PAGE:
After a jaunt around the track with Magnus to warmup, we did drills with Mike, a BU guy who works at the facility. John planned a workout of reps - 2x200, 4x400, and 2x200 with 200m rest after each lap. Terry decided to lead the more ambitious people to double that workout, for 4800m of reps. After the first set, I felt strong, and so finished up with half a set - 2x200 and 2x400 - before joining the stretching and cool down group. I felt comfortable tucking in behind Jonathan, Tom or Kevin, but Terry and Stephen were a bit too speedy. I hope to catch up, but I intend to be conservative and cautious.

Splits below are only for the reps:
2x200: 39.3, 38.8
4x400: 82.0, 83.9, 80.0, 81.2
2x200: 36.7, 37.2
2x200: 36.2, 36.4
2x400: 81.4, 80.0

After I asked about Ross's cheering patterns and then did a little whooping, it was decided that I am Ross's understudy for track workouts until he returns. On an unrelated note, I'm considering purchasing a loofah for superior exfoliation.

Wednesday Nov 30, 2011 #


I have had a very successful fall season. My training since September 1 has included:
  • 60 hours, 380 km, and over 700 controls of orienteering (some course setting included)
  • 26 hours of running - a paltry 293 km
  • A disappointing ten hours of strength and cross training of various types
  • 11 games of bowling

November has been my highest volume month, with nine days and 17 hours of orienteering. Counting course setting, I have spent 37 hours running and orienteering, with a total of 300 km. Even ignoring the course setting, with a sustained year-round effort, this would amount to 200 hours of orienteering.

My races have been steadily improving. I began September by losing to PG at Pawtuckaway in my debut from stress fractureland, and I finished November with a competitive time on the 2002 Billygoat. I wimped out at the September camping weekend, and this Thanksgiving pushed hard through nine hours of hard activity in three days. I have won six races - three NEOC local meets, and three races at the St. Louis meet (including Corn Maze and the Green Relay leg, which don't really count).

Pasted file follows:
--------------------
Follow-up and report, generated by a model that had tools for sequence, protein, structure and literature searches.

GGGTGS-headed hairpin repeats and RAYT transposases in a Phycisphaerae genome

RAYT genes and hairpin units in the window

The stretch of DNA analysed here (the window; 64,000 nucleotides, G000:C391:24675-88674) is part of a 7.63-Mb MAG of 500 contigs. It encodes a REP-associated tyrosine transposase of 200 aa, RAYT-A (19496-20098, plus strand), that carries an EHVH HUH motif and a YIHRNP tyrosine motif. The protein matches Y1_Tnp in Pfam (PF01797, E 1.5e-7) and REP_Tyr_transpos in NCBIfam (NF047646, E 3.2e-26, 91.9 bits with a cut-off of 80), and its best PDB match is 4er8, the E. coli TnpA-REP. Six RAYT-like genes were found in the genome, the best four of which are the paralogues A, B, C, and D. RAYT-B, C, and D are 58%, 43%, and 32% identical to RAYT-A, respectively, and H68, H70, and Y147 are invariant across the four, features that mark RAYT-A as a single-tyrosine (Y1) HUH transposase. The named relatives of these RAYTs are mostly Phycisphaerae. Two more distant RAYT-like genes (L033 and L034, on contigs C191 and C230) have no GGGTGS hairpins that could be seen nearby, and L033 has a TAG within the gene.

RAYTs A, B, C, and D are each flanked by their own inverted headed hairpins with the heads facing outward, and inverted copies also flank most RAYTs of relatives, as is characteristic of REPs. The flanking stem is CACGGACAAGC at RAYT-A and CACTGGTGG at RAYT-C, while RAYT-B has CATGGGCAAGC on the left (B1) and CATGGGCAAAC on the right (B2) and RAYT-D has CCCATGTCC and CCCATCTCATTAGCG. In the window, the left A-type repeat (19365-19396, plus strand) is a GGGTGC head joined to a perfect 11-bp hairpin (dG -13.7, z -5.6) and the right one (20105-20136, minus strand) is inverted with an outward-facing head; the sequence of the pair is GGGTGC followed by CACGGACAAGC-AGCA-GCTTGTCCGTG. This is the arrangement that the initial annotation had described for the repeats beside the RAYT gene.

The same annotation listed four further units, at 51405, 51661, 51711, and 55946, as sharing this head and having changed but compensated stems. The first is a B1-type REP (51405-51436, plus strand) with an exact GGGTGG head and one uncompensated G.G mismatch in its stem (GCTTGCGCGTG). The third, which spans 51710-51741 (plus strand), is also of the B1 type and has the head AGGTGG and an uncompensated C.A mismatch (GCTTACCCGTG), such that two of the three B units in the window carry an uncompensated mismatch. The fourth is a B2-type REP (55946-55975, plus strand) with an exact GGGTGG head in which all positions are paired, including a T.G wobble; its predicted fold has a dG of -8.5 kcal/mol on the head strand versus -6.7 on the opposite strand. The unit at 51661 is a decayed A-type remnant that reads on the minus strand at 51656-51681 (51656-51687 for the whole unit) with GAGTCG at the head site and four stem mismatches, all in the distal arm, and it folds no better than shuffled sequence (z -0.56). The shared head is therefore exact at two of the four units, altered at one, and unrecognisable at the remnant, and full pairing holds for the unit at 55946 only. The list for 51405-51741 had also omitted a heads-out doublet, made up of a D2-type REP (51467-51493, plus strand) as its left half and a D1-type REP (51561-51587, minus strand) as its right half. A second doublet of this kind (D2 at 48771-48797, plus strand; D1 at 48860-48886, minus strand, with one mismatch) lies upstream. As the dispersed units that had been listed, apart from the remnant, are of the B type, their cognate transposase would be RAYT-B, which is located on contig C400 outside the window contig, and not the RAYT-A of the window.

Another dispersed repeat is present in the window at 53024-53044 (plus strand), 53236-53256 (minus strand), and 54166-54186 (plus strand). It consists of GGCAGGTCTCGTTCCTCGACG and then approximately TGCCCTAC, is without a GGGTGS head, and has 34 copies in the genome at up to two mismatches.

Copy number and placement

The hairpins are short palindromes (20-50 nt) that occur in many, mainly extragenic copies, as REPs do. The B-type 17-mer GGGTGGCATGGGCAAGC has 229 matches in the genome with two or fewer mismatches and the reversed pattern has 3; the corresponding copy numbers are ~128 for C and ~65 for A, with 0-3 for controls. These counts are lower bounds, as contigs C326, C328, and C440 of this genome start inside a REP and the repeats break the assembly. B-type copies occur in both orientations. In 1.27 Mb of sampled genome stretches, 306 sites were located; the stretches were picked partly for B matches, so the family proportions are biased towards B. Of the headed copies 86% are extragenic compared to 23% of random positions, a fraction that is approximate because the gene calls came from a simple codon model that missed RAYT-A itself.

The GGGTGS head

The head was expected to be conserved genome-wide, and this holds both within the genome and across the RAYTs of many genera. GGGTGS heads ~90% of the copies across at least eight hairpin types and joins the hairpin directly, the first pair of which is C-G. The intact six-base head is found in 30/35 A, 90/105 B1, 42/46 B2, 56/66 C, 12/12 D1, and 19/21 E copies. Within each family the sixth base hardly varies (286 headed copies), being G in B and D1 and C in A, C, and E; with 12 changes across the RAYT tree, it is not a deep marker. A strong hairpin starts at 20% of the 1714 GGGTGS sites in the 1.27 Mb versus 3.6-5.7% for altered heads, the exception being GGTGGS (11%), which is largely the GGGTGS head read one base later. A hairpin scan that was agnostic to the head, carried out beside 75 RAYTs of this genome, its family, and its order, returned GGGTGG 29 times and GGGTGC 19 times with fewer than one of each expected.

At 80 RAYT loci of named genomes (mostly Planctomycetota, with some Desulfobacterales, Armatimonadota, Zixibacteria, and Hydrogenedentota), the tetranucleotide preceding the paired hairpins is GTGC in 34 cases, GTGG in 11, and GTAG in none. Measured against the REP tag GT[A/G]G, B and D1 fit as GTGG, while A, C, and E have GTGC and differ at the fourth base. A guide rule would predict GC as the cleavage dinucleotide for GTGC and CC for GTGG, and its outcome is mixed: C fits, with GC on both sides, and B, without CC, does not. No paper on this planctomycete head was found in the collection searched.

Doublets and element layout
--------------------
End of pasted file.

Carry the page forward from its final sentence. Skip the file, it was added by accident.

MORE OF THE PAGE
I have so much farther to go even before I become competitive in the US, to say nothing of how far I am from the top North Americans. Nevertheless, I am encouraged. My body is growing stronger, and I have been careful in how much stress I apply to it. I will increase my cross training over the winter with skiing, swimming, and cycling even as I try to add to my running base and spend more time on maps. I will set some goals for 2012, but my primary focus is to train as well as I can without hurting myself. I will listen to my body and take breaks as needed. I have much ambition for the year ahead, and with care and discipline, I can attain it.

I continue to learn how to organize a club, and I will apply the (painfully learned) lessons from 2011 to my approach. My primary objective is to build up infrastructure and train others to accomplish tasks rather than trying to shoulder them myself. While my involvement with NEOC will likely continue into 2013, I will gradually step down my commitments to organization so I can focus on training and other aspects of life.
8 AM

Running 54:08 [1] 10.6 km (5:07 / km) +5m 5:06 / km
shoes: 201108 Asics GT-2150

After two rest days to recover from a hard weekend, I went out on an easy run this morning around the river. I meant to start earlier; it is pleasant to run in the unseasonably warm morning air with the sun on your face. I mean to start running more in the mornings so I can comfortably read a map while on easy runs. Today, I brought a Hogencamp exercise, the WOC 2011 Men's Middle qualifier A, and the WOC 2011 Men's Long Qualifier A. I warmed up on the Hogencamp map, then switched to France; all three maps were tricky. Figuring out the orientation of the contours while moving was hard, especially on Harriman. I had printed the middle at about 1:11.5 and the long at 1:18 on my lowly inkjet printer, so the reading was extra challenging. Train hard, race easy. I mislaid my heart rate monitor in my apartment yesterday while collecting my laundry, so no HR data today. While I was out, I passed a woman with prosthetic feet and probably calves. She was happily cruising about with headphones, and her doughty black labrador was marching along beside her off leash very indifferently. They were a charming pair. I finished with the usual stretching regimen.